Ragworms were weighed and individually transferred to a beaker (n = 6 per treatment group). Observations were made daily and water parameters were monitored throughout the exposure period. Two exposures were conducted, lasting 96 h and 28 d. During the 96 h exposure, a water change was performed after 48 h using fresh ASW. After 96 h, ragworms were removed from the exposure. During the 28 d exposure, water changes were performed every 72 h. Ragworms were not fed during this time as it was assumed they were surface-deposit-feeding on the test sediment. After 28 days, ragworms were removed from exposure. Following endpoint measurements, ragworms were individually maintained in seawater (salinity of 22) to void gut content in preparation for chemical analyses. After approximately 10 h, ragworms were snap-frozen and stored at −80 °C until use.
Relative Growth Rate
In addition to pre-exposure wet weights, post-exposure weights were also recorded. Following sediment exposure, any external sediment was carefully rinsed from ragworms. Excess seawater was gently absorbed using a paper towel and ragworms were weighed to 0.01 g.
Individuals were transferred to 400 mL glass beakers containing 225 mL wet control sediment (corresponding to approximately 4 cm depth). Their burrowing time into clean sediment – from the moment their anterior end touched the sediment to being completely burrowed –was recorded within a 1 h observation period. The burrowing time of ragworms which did not burrow during this time was considered as 60 min.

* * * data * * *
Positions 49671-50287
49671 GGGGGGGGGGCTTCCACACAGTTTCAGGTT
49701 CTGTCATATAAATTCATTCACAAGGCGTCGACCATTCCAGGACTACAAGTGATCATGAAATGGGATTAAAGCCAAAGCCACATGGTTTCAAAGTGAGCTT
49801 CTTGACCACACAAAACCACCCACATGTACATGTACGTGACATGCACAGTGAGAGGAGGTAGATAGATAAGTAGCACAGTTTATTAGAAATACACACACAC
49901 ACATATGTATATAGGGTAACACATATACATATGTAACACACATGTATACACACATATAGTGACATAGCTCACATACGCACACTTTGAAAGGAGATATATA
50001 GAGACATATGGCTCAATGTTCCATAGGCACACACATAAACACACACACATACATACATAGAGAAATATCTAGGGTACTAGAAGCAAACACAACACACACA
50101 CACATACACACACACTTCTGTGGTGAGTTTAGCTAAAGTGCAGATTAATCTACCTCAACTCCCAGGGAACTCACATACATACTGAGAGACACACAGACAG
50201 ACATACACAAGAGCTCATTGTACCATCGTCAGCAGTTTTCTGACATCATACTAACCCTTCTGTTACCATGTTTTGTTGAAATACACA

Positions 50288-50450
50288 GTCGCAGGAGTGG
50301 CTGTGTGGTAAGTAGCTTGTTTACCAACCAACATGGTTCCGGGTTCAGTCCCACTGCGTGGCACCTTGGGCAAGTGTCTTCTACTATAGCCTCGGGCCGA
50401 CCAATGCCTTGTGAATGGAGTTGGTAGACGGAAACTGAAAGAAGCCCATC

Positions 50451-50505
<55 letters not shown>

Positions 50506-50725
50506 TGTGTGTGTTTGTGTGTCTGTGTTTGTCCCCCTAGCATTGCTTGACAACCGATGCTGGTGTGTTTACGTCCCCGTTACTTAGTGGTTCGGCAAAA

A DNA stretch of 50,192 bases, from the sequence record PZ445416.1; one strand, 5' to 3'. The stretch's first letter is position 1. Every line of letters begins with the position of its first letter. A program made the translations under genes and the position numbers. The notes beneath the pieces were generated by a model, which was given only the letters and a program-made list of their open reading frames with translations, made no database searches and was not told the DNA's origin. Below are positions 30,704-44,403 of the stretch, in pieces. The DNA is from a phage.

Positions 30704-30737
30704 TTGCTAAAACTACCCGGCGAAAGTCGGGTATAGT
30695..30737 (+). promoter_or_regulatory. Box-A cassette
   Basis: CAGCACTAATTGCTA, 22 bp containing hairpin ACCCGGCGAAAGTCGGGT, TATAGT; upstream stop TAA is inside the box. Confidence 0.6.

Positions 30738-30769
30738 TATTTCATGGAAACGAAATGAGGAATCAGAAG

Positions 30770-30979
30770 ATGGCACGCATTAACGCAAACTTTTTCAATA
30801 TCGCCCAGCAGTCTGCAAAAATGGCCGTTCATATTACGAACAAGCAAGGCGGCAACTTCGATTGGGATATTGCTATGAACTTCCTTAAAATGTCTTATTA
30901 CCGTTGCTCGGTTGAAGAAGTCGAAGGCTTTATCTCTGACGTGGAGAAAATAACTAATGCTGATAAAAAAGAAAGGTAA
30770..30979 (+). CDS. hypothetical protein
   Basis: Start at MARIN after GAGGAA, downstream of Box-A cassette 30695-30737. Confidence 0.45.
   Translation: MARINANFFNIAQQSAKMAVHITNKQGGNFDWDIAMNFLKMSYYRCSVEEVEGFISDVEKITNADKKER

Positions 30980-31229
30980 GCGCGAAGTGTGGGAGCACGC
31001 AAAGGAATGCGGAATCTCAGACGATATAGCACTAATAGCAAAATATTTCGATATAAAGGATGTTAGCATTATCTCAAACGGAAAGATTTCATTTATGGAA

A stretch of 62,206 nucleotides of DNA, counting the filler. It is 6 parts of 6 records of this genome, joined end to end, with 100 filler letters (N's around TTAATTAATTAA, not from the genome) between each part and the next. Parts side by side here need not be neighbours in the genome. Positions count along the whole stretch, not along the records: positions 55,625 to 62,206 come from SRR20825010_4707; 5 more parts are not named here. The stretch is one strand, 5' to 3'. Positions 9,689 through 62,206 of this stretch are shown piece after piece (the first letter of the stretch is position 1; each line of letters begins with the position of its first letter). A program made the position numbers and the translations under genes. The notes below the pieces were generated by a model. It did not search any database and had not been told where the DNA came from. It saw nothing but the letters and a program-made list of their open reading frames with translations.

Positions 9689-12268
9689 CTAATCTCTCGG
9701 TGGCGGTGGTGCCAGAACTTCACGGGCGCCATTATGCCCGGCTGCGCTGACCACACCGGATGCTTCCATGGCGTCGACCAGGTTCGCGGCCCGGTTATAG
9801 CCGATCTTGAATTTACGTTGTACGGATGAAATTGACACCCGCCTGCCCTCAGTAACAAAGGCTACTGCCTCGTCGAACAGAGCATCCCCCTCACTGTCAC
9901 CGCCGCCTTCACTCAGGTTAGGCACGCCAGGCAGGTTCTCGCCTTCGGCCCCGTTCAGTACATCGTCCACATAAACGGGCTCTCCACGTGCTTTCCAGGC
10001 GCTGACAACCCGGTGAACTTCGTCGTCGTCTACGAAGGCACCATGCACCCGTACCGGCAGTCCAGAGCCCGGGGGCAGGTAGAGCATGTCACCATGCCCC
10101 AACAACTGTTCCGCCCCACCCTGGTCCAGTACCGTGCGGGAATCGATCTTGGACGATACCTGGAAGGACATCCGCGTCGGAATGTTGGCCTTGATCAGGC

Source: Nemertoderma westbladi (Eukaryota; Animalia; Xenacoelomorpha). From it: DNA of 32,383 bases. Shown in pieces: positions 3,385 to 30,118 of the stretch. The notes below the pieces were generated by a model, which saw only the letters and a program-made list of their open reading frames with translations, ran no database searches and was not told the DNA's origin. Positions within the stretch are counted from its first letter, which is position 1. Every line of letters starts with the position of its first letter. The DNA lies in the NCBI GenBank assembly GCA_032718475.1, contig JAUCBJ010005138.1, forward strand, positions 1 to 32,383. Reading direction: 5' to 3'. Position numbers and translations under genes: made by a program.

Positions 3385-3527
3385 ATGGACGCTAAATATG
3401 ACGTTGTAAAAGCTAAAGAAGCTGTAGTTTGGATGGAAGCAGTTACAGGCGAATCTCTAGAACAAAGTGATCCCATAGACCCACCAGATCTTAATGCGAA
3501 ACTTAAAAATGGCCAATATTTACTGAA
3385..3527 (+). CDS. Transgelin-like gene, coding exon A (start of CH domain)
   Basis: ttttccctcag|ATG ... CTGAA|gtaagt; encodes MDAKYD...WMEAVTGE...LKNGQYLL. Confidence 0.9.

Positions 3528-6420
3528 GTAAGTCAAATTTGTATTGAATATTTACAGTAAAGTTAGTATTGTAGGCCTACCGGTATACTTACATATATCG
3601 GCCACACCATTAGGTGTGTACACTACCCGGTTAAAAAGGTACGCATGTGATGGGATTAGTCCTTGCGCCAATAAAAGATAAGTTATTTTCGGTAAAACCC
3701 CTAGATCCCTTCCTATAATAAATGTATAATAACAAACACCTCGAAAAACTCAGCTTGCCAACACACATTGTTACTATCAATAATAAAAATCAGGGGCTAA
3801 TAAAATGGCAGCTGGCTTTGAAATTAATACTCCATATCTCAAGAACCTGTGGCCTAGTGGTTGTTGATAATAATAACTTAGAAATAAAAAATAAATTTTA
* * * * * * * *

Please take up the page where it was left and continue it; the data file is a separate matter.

DNA damage – measured as single-strand breaks in individual cells (Comet assay) – was quantified to assess potential carcinogenic and pro-oxidative effects, anticipated due to the constituent toxicants of smoked cigarettes. The Comet assay quantifies DNA damage as tail intensity (TI) and tail moment (TM) for individual cells. TI indicates the relative fraction of damaged DNA. TM is the product of TI and tail length (the migratory distance of broken DNA fragments from the nucleus of the cell), providing a descriptive assessment of DNA damage35.
Ragworms were recovered from the burrowing assay and carefully rinsed. A sample of coelomic fluid was withdrawn with a 1 mL syringe containing chilled PBS at a 1:1 ratio, fitted with a 23 gauge needle. Samples were taken from the posterior region, taking care to avoid the gut and stored on ice until use. One hundred μL of sample was used per individual. Coelomic fluid was centrifuged at 1000 rpm for 3 min and the supernatant was discarded. The cell concentrate was then suspended in 1% low melting point agarose (37 °C) and two aliquots were dropped onto a slide pre-coated with 1% normal melting point agarose. Coverslips were placed on top of the sample and slides were left for 10 min at 4 °C. Once the gel was set, coverslips were carefully removed and the comet assay was conducted, following36, modifying for alkaline conditions. Slides were placed in lysis solution for 1 hour, followed by 40 min denaturation in electrophoresis buffer (pH 13) and then electrophoresis for 30 min (25 V, 300 mA). The slides were then gently washed in neutralising buffer. 100 cells per slide (50 per gel) were scored within 48 h using sybr safe staining and a fluorescent microscope (420–490 nm excitation filter and 520 nm emission filter) equipped with Kinetic COMET software.
Nicotine and its metabolite cotinine were used as biomarkers of exposure to the toxicants associated with filters. Frozen ragworm tissue was thoroughly homogenised under liquid nitrogen using a pestle and mortar. For each exposure and concentration sub-aliquots of homogenised tissue from each individual were pooled.
Chromatography and detection (MS/MS) parameters
Analysis was carried out on an Acquity UPC2 system with a Quattro Premier XE Mass Spectrometer (MSMS) as detector (both from Waters Corp, Milford USA). See Supplementary Table 1 for details.